Saturday, July 09, 2005

The Black is Back

Manta, that is.

He's spiffy. He's wicked. He's radical.
You think his ideology's outmoded?
You think his costume's silly?
You think he's "lame"?

Look at the man. I've got news for you:
Black Manta doesn't give a flying fish what you think.

While you're laughing at him, he's planning on forcing you to fight your best friend to the death as your baby suffocates in front of your eyes.

If you aren't reading Aquaman, then do. It's all coming together.
Sub Diego and Atlantis. Aquaman's son, Koryak (woof!), and Lorena the Aquagirl. ProGeneTech and Black Manta. Esther Maris and Arthur Curry. Captain Malrey and Dr. Geist.

The labcoat is off, and Aquaman's mythos has turned a corner with this issue. It's not that anything huge happened (except the seamonster attacking the pipeline, but you'll have to read that for yourself), but Aquaman's world just seemed to finally all click into place.

When I read Aquaman this month, it finally felt like it feels when you read a Batman story: it cohered. You know the character, you know his world and the other players, but you still don't know what's going to happen.

Rick Veitch, Peter David, Grant Morrision, et al., were focused, I think, on trying to turn Aquaman into some other character (He's King Arthur underwater! He's the Mysticky Aquarian! He's the Rule of 3/4 of the Planet! He's the conceptual love-child of Namor and Captain Ahab!) because, at heart, they are embarrassed about what he is.

He's Aquaman. He's got power over the things that live in the sea and he protects people and things that live in, on, or by the sea. That's quite a lot and it's quite enough and his monthly title now proves that.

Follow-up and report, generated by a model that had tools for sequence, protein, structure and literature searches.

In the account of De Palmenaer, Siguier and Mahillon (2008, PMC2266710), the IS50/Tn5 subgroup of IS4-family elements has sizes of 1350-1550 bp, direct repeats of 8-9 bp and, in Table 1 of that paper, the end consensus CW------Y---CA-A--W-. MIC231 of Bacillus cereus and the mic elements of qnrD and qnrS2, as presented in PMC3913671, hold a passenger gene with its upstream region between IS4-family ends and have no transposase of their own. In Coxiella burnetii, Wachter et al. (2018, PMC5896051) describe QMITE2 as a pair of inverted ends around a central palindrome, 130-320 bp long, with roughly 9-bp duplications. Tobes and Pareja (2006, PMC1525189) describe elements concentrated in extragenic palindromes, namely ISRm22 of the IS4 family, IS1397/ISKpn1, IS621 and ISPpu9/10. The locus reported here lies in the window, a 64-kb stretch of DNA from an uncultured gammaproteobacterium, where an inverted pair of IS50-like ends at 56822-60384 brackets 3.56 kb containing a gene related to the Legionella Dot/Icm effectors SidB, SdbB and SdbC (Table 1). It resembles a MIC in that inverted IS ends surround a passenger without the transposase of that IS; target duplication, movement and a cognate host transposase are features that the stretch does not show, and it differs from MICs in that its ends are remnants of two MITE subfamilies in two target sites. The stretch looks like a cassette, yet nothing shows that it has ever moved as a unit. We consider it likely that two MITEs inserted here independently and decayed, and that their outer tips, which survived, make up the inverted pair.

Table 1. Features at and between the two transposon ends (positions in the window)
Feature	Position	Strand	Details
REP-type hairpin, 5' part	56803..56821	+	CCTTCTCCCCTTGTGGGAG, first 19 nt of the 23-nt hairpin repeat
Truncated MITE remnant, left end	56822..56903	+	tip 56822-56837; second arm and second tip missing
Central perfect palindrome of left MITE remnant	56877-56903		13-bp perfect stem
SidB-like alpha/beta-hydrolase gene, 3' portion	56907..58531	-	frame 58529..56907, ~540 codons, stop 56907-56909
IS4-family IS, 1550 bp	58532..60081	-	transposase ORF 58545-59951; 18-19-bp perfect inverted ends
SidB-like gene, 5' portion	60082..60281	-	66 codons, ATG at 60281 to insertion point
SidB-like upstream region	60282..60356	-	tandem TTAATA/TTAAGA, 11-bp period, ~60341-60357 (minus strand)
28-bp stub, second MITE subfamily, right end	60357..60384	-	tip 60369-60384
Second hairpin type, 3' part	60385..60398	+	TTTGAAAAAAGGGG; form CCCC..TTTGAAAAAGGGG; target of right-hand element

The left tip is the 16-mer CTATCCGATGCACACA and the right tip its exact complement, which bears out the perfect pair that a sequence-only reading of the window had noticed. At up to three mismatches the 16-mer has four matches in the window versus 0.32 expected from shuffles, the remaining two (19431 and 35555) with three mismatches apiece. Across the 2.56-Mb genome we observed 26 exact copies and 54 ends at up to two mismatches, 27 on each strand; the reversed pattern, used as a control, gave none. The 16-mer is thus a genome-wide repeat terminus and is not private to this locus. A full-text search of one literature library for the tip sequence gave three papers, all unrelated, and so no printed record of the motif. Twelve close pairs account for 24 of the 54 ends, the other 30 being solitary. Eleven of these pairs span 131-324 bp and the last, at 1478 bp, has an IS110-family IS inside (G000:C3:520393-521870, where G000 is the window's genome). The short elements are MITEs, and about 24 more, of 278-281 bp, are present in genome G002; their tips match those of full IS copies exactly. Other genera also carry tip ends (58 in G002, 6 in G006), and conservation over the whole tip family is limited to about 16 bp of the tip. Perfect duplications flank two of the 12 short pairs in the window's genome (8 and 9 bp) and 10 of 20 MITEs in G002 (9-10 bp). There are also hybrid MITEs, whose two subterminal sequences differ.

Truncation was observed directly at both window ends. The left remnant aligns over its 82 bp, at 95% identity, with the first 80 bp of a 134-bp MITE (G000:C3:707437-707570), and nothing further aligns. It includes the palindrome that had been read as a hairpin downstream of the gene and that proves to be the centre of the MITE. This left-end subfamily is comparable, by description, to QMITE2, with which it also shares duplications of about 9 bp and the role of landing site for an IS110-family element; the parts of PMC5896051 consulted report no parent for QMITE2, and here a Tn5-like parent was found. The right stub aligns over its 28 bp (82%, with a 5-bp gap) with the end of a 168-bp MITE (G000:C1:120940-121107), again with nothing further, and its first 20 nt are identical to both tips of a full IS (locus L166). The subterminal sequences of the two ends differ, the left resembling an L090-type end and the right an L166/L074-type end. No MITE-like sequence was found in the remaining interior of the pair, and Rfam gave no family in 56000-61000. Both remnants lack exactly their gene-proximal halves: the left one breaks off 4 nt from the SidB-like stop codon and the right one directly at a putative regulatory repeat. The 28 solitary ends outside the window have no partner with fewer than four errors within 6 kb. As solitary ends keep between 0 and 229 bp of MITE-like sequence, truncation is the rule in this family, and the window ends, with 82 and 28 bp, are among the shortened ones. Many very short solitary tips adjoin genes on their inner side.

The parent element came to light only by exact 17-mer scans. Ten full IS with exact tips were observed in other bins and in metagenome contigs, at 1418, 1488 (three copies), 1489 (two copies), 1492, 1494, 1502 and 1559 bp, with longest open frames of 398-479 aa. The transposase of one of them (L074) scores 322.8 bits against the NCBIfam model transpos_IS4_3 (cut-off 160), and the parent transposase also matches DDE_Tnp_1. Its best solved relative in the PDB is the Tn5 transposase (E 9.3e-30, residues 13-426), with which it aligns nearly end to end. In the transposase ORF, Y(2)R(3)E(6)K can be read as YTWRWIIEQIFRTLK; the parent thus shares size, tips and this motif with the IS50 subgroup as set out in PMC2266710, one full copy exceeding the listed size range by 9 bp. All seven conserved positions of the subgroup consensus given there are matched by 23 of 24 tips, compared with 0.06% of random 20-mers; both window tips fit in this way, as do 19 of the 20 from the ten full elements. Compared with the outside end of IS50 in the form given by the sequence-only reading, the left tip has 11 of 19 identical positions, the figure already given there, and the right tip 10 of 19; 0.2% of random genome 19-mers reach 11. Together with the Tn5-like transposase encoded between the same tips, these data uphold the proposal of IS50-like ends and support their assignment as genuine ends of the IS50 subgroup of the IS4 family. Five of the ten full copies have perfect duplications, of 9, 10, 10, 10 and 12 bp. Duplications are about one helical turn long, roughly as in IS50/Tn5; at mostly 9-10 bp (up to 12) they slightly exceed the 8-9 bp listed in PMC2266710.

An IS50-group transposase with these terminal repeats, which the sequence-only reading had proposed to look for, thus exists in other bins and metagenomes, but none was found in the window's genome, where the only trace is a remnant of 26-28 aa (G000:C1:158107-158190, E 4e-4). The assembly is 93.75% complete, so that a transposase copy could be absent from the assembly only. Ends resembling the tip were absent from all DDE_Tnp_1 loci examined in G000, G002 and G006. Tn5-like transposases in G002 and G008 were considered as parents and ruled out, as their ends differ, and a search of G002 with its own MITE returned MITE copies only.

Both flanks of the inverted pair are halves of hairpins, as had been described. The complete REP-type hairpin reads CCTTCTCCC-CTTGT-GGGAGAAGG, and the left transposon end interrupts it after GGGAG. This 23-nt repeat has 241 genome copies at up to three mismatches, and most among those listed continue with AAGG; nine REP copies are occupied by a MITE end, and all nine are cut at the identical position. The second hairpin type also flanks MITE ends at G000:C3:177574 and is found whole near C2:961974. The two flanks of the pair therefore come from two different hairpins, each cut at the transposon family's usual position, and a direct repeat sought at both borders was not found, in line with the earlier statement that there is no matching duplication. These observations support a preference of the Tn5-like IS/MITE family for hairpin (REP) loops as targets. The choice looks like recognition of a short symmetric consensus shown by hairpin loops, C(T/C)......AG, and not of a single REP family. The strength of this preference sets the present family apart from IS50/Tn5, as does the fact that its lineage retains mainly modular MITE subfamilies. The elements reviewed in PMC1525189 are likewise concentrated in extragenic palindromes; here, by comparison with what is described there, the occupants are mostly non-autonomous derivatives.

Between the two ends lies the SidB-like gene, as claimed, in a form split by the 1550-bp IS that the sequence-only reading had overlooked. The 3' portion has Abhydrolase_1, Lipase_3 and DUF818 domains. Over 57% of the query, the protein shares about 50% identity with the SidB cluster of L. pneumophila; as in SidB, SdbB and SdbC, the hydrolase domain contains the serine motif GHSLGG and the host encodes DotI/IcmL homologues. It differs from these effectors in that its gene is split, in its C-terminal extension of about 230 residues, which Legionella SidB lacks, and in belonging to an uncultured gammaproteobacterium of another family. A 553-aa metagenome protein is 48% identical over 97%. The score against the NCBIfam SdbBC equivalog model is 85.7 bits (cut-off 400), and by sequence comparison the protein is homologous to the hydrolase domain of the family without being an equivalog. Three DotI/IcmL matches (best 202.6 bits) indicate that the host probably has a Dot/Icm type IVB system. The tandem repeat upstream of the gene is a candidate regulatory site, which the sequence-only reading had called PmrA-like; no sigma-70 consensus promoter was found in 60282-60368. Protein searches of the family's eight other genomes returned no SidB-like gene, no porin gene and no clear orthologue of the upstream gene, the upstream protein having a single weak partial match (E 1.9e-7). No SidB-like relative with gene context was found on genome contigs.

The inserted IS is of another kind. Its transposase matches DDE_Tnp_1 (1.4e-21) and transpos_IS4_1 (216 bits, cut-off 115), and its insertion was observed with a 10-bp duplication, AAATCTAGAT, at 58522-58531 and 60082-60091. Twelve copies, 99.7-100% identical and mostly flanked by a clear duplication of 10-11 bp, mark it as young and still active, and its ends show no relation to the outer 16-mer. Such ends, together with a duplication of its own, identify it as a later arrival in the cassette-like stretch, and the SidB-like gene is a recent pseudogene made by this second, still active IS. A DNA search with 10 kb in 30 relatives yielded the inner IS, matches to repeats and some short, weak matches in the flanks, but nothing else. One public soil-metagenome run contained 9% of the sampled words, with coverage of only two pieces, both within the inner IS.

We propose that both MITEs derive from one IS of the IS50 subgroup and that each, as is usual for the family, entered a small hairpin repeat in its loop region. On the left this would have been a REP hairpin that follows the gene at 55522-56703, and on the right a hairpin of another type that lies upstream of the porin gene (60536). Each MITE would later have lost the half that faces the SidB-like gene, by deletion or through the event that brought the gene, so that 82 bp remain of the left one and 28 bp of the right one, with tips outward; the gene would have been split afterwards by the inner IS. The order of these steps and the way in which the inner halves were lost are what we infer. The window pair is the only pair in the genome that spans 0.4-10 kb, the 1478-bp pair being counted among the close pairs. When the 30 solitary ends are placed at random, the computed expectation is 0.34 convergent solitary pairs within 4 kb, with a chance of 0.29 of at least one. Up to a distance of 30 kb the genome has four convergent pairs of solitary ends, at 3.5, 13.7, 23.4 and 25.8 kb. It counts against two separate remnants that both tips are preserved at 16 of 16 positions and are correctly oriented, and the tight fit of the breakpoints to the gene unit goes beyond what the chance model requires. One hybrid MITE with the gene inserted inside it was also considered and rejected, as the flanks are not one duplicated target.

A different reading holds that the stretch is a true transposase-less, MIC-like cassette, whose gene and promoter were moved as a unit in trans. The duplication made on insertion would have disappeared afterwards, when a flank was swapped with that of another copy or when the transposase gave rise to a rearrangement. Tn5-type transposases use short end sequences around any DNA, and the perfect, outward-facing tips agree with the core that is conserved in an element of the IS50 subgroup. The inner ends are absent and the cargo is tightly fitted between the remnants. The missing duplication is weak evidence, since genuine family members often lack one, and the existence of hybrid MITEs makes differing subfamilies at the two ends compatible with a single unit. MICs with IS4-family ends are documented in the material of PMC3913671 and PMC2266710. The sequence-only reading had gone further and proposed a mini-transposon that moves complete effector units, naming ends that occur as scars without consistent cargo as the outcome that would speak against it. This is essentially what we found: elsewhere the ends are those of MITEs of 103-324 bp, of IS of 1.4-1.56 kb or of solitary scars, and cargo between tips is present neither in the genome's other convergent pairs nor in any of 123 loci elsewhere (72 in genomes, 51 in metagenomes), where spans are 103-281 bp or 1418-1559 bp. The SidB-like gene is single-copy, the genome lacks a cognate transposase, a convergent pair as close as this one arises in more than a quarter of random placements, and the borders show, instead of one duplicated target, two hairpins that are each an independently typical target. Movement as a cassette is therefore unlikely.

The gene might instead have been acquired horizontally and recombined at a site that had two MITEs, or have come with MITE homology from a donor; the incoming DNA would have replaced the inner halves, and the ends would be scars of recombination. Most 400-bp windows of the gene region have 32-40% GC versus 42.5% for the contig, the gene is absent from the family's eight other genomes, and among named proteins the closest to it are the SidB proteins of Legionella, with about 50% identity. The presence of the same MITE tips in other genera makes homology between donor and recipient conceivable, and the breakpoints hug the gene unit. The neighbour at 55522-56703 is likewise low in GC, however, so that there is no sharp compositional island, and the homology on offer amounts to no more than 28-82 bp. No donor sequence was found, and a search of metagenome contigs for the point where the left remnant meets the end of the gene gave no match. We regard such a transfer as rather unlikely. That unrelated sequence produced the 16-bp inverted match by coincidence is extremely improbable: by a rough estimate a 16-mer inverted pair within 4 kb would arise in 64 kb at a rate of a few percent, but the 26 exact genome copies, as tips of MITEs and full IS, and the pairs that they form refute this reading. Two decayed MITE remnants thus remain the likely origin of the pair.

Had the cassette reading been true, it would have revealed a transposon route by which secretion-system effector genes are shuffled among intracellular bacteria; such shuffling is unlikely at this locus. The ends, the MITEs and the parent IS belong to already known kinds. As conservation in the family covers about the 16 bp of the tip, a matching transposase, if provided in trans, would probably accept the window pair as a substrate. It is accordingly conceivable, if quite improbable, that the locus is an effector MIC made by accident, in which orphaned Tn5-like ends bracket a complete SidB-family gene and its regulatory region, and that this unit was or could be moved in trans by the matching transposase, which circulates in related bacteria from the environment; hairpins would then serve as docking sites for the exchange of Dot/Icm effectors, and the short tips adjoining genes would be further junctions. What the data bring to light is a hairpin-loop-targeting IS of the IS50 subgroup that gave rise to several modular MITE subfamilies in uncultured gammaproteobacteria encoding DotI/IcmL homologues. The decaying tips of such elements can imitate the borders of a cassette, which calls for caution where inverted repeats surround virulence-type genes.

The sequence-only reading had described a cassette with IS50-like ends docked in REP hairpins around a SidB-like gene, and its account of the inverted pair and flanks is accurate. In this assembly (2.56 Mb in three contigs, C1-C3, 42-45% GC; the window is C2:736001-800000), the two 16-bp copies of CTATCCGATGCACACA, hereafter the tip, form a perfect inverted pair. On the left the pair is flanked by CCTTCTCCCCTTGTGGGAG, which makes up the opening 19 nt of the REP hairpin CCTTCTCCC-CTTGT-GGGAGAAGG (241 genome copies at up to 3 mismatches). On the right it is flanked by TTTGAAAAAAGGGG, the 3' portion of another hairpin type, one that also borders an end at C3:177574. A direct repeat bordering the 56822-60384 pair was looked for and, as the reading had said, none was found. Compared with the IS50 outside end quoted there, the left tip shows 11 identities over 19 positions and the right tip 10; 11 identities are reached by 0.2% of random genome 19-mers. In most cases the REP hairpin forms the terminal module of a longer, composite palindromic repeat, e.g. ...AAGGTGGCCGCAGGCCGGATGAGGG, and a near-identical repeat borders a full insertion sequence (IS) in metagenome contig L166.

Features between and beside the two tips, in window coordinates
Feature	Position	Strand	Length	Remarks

Despite some editorial/authorial bumps along the way ("Gibberish!"), DC finally has people who are building a world, a story around Aquaman himself (thanks to WILL PFEIFFER, whose genius made it all possible and who has gotten too little recognition and gratitude for it), instead of making up some story they find interesting while trying to shoe-horn Aquaman in as the supposed central character.

And, lo and beyond, build a mythos around a character instead of trying to graft him onto one and it actually works. Someone should write about that.


Brian Cronin said...

Yeah, Will Pfeiffer ruled.

I totally really WAS an example of coming up with a story that fit Aquaman rather than forcing Aquaman to fit into a story.

Good call.

Anonymous said...

I still want more surface people involved in Aquaman, but the actual purpose and industry going on in this issue was such a relief.

Although I really liked the *idea* of Sub Diego, I found it too much like a claustrophobic post-Apocalyptic Gotham...without the sunny bits. The thing I found most strange about the recent serial killer story is that more people don't flip out and kill themselves and others. As if Aquaman were presiding over Arkham and it's inmates!

These people need an actual society to be threatened, in order for Aquaman to protect it.